Eleh is the name of a project that utilizes vintage analog modular synthesizers to pay tribute to early minimalist composers and pioneers such as La Monte Young, Terry Riley, and Pauline Oliveros. Beginning in 2006, Eleh began releasing records on vinyl in tiny editions, mostly for Important Records, with a few releases on Taiga. Typical titles like Homage to the Sine Wave or Floating Frequencies are literal descriptors of the abstract music contained within. Since the project’s inception, Eleh has been shrouded in mystery, and no name has ever been attached to the recordings. Rumors and speculation have been rampant, implicating everyone from Sunn0))) mastermind Stephen O’Malley to Boston-based experimental electronic musician Keith Fullerton Whitman (who released a collection of compositions for vintage synthesizers under the title Multiples in 2005, just prior to the first appearance of the Eleh project). Location Momentum marks the first digital release and the first widely available album by Eleh.
Opener “Heleneleh” is minimalism for minimalists, an unwavering 20-minute synth tone. “Linear to Circular/Vertical Axis” is the album’s shortest track and its most dynamic, with a lo-fi feel to the washes of ear-ringing synth tones. “Circle One: Summer Transience” showcases the deep bass sound Eleh is capable of and reinforces the point that this music is meant to be played loud. The track is as much a physical experience as it is an auditory one.“Observation Wheel” is the noisiest song here, a flimsily built cycle of beeps and static discharge that transforms into a simplistic bass oscillation lacking the internal momentum of the stronger material. “Rotational Change For Windmill” is the superlative final song, a masterful series of barely there synth gestures that shift with a subtle beauty. The track is a bit chirpy on the high end at first, recalling the fractured digital noise of Florian Hecker, but it rewards a patient and loud listen by receding into a warm bath of synth tone with occasional deep bass fluctuations.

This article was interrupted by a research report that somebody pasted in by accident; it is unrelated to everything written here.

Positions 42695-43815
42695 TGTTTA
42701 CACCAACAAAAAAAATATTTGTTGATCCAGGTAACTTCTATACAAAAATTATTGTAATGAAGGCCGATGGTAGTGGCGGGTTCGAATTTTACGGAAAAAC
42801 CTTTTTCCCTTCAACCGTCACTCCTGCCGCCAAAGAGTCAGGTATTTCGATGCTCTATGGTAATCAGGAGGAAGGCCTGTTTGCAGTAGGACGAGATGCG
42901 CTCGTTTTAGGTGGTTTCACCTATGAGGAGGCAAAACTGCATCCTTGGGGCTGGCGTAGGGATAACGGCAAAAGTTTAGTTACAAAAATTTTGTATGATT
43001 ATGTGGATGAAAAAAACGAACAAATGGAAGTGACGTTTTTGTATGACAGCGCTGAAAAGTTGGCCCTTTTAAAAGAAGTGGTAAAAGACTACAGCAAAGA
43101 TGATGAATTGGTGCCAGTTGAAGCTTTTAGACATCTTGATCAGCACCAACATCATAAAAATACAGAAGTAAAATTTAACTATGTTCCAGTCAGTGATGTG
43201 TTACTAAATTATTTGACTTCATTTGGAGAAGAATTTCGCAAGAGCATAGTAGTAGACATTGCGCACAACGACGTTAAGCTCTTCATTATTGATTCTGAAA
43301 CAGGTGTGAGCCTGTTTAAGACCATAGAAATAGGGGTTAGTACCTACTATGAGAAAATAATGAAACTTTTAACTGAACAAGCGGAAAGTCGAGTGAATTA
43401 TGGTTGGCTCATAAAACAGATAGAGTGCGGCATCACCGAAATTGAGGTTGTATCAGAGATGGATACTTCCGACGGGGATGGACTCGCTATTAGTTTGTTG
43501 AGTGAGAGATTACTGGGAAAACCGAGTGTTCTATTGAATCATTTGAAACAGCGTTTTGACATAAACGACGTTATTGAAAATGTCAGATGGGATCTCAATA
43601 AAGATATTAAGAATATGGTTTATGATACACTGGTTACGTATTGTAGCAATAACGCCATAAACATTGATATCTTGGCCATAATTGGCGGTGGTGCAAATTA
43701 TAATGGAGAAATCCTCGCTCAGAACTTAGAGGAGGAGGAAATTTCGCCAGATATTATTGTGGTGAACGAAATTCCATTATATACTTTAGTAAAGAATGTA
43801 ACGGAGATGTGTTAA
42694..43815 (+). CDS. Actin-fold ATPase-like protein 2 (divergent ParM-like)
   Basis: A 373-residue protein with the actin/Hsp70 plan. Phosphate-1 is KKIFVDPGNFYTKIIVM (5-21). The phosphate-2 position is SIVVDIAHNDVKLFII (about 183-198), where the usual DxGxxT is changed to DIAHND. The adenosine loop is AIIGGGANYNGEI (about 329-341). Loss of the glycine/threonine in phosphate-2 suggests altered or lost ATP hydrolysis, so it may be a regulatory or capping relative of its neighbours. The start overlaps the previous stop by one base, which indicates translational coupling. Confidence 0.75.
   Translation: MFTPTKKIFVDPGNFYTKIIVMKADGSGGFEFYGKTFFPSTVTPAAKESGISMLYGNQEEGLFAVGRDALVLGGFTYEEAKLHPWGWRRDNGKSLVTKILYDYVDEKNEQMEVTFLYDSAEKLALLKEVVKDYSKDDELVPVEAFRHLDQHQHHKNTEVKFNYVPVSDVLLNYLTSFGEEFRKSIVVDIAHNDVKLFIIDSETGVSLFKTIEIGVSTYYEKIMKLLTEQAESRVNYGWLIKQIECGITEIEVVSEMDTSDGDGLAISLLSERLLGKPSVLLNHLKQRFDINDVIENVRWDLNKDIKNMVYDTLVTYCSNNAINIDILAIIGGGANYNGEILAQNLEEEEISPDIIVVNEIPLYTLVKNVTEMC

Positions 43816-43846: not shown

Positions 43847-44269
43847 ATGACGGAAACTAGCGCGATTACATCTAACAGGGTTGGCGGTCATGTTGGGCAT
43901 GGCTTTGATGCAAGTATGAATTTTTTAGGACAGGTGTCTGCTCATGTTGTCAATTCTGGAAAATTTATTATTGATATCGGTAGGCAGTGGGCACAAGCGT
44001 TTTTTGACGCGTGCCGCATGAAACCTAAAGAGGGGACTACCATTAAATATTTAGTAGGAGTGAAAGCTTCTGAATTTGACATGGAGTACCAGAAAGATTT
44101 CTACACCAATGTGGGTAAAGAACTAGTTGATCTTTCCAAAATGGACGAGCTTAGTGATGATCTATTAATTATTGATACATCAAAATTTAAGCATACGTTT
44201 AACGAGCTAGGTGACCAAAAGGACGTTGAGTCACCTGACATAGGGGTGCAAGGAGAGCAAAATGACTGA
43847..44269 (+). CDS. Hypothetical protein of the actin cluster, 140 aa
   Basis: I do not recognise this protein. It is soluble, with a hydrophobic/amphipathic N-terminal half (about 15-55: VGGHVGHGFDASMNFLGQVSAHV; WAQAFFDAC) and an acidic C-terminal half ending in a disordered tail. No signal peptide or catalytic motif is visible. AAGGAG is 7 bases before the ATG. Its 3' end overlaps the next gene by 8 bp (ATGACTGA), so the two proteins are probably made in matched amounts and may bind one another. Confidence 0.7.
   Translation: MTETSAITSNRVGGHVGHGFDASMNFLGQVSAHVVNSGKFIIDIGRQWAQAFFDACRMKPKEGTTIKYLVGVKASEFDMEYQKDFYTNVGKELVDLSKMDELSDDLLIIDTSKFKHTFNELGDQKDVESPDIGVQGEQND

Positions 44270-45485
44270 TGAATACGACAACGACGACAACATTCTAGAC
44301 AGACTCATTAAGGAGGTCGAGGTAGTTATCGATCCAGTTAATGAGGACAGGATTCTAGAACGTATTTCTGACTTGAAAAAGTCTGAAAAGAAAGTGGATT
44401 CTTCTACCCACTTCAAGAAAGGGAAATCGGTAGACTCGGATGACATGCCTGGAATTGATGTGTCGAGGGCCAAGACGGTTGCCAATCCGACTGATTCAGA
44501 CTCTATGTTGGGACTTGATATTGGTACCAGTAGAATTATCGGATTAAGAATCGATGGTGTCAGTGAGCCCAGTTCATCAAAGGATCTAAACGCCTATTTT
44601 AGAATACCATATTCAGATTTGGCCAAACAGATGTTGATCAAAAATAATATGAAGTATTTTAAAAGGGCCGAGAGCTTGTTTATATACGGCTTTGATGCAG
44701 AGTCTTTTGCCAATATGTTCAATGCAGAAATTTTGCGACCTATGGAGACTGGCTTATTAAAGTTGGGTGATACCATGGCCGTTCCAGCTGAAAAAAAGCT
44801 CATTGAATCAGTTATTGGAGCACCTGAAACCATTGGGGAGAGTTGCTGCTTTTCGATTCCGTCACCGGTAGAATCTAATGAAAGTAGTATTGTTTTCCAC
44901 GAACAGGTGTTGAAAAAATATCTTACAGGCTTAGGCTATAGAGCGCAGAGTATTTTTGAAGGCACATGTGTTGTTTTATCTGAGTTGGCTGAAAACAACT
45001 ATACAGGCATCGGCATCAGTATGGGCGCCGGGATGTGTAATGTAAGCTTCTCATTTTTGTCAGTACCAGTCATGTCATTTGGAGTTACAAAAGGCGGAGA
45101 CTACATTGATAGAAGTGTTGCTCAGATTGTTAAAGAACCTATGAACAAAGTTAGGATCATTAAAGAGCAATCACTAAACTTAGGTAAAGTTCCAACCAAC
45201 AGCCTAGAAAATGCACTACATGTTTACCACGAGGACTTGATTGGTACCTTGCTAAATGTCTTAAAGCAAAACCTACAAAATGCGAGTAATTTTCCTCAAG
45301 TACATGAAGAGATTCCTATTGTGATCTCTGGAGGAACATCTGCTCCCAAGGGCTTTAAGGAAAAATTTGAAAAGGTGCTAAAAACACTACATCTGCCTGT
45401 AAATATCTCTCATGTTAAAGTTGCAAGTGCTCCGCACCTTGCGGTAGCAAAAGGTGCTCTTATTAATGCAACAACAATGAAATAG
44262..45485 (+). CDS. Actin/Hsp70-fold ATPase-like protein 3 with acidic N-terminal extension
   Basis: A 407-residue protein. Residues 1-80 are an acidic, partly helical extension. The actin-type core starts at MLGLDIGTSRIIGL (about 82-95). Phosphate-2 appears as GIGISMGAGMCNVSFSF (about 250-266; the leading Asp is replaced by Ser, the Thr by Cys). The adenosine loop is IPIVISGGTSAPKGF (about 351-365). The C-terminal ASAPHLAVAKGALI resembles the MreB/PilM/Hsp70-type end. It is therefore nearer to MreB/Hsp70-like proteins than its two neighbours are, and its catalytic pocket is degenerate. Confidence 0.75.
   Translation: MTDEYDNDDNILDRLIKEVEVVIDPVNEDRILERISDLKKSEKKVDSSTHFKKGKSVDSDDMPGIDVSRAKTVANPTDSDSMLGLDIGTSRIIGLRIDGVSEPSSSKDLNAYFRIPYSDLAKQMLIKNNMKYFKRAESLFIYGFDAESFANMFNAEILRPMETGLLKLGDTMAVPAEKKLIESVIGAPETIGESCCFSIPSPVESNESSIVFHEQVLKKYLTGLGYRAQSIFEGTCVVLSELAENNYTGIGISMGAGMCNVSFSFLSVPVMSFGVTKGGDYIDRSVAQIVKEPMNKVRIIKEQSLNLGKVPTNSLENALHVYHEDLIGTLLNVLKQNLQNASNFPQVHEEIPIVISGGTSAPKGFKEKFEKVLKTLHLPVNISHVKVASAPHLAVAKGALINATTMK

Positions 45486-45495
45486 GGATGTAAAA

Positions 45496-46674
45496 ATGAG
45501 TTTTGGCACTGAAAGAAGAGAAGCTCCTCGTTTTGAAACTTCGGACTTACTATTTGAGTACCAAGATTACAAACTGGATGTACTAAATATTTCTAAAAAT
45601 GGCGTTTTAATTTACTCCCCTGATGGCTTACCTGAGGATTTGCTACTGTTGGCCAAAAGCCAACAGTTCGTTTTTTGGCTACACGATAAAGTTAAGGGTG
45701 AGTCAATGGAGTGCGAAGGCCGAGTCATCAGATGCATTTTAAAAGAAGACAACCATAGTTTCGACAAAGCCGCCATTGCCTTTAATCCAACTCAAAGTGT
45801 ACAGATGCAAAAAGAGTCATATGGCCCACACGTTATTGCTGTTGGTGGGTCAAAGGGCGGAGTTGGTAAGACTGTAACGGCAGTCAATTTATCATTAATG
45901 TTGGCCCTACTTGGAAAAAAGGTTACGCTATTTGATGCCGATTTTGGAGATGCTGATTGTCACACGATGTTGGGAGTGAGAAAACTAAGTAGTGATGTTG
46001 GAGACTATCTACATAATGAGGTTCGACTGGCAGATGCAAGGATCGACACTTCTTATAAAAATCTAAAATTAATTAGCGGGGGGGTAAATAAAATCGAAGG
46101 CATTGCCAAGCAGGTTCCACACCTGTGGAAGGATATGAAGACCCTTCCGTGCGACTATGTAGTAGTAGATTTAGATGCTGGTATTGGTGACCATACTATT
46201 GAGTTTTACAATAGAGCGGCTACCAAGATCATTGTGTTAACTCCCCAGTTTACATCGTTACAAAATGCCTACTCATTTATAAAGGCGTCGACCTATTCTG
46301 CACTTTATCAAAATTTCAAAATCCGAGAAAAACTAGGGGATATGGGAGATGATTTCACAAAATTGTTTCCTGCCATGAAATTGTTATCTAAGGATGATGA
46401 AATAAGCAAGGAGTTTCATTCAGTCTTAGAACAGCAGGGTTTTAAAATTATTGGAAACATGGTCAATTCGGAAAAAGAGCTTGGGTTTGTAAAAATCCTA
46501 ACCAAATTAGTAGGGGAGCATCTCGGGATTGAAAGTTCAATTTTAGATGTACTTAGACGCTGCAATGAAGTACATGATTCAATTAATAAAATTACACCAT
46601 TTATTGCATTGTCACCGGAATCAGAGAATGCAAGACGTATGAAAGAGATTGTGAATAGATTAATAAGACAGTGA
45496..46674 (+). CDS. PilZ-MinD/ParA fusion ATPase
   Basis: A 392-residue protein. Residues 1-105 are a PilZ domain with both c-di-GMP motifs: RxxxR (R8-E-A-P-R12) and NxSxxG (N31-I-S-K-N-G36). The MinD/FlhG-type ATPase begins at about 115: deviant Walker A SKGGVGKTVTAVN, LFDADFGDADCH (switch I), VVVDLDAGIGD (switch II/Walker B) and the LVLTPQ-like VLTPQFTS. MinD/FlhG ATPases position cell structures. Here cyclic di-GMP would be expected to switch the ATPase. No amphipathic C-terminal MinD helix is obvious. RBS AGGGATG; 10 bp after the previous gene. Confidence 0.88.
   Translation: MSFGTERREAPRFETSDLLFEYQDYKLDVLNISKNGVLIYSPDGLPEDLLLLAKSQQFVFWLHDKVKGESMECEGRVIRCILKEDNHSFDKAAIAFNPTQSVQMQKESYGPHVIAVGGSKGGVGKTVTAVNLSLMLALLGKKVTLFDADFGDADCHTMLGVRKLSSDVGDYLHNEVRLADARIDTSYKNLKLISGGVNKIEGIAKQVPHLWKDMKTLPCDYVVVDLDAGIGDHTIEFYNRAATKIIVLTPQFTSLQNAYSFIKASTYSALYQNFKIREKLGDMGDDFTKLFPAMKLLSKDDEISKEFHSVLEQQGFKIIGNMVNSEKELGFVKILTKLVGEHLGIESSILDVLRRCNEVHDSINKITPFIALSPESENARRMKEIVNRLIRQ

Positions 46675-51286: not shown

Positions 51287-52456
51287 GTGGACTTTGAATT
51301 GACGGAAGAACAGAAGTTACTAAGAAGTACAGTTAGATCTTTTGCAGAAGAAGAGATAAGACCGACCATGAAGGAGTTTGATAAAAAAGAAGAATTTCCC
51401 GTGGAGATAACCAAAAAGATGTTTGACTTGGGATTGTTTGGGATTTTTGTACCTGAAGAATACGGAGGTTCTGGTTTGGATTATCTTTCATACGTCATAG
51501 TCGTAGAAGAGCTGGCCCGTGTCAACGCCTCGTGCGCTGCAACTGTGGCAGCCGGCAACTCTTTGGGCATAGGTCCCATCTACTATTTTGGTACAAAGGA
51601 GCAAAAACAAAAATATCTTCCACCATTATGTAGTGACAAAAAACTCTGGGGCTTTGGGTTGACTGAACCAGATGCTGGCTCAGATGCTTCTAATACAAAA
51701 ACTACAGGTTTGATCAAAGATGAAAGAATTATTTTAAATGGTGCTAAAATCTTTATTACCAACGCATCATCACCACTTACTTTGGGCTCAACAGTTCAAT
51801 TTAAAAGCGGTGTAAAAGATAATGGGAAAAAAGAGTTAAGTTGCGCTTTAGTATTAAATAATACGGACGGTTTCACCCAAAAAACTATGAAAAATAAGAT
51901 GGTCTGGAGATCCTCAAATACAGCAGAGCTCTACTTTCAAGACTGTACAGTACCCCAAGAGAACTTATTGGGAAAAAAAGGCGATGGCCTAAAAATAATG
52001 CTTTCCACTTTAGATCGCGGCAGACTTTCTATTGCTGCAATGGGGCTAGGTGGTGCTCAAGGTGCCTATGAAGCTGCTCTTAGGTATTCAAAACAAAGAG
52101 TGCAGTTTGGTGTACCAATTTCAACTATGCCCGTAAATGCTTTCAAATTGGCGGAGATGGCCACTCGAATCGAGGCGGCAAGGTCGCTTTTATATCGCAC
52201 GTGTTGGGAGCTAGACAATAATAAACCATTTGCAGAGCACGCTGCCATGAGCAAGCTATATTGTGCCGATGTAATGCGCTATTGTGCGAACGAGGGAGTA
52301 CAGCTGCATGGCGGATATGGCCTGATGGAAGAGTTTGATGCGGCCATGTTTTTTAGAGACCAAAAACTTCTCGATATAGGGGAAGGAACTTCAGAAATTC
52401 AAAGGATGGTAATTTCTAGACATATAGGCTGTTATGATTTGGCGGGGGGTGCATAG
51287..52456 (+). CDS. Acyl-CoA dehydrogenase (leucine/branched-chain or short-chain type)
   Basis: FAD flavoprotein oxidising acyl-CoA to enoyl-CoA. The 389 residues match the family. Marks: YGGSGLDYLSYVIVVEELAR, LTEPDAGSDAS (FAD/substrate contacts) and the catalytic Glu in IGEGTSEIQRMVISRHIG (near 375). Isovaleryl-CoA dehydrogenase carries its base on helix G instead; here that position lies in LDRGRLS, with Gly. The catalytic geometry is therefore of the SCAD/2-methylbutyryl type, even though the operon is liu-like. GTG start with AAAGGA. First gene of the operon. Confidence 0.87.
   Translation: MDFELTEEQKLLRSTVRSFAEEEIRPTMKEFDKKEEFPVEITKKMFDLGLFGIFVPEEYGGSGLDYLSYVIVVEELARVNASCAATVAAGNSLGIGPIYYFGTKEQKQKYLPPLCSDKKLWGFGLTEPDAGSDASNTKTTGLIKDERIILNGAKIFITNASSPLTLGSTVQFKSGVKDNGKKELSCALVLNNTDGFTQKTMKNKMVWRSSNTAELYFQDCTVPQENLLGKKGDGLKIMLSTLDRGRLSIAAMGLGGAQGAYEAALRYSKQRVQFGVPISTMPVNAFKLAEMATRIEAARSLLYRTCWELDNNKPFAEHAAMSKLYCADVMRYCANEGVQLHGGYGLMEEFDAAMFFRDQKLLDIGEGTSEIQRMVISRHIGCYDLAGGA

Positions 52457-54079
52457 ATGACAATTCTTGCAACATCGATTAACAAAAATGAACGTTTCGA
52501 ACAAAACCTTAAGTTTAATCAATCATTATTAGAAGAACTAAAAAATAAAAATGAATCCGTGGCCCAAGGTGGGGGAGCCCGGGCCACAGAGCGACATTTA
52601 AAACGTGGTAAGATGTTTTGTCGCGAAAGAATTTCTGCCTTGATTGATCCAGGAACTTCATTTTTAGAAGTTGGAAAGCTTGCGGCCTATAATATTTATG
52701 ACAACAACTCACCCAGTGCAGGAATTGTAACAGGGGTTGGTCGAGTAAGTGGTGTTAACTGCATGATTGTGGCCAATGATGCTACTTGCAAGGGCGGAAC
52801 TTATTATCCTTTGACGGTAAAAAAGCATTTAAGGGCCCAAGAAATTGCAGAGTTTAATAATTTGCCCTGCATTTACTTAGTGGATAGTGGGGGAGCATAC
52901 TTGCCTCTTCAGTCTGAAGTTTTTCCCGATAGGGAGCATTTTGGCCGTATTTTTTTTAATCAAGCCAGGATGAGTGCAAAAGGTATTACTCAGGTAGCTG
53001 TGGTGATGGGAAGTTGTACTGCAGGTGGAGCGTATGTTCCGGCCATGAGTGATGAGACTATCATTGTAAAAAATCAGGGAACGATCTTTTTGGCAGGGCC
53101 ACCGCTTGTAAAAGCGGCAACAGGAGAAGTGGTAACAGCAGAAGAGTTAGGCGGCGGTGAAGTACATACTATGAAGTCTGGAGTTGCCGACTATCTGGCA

To me, the focus and purity of Eleh’s music is an antidote to conventional popular music, and I enjoy the record as a palate cleanser and aid to meditation and focus. I realize that many people don’t seek out music for this purpose, but for those that do, I heartily recommend Location Momentum.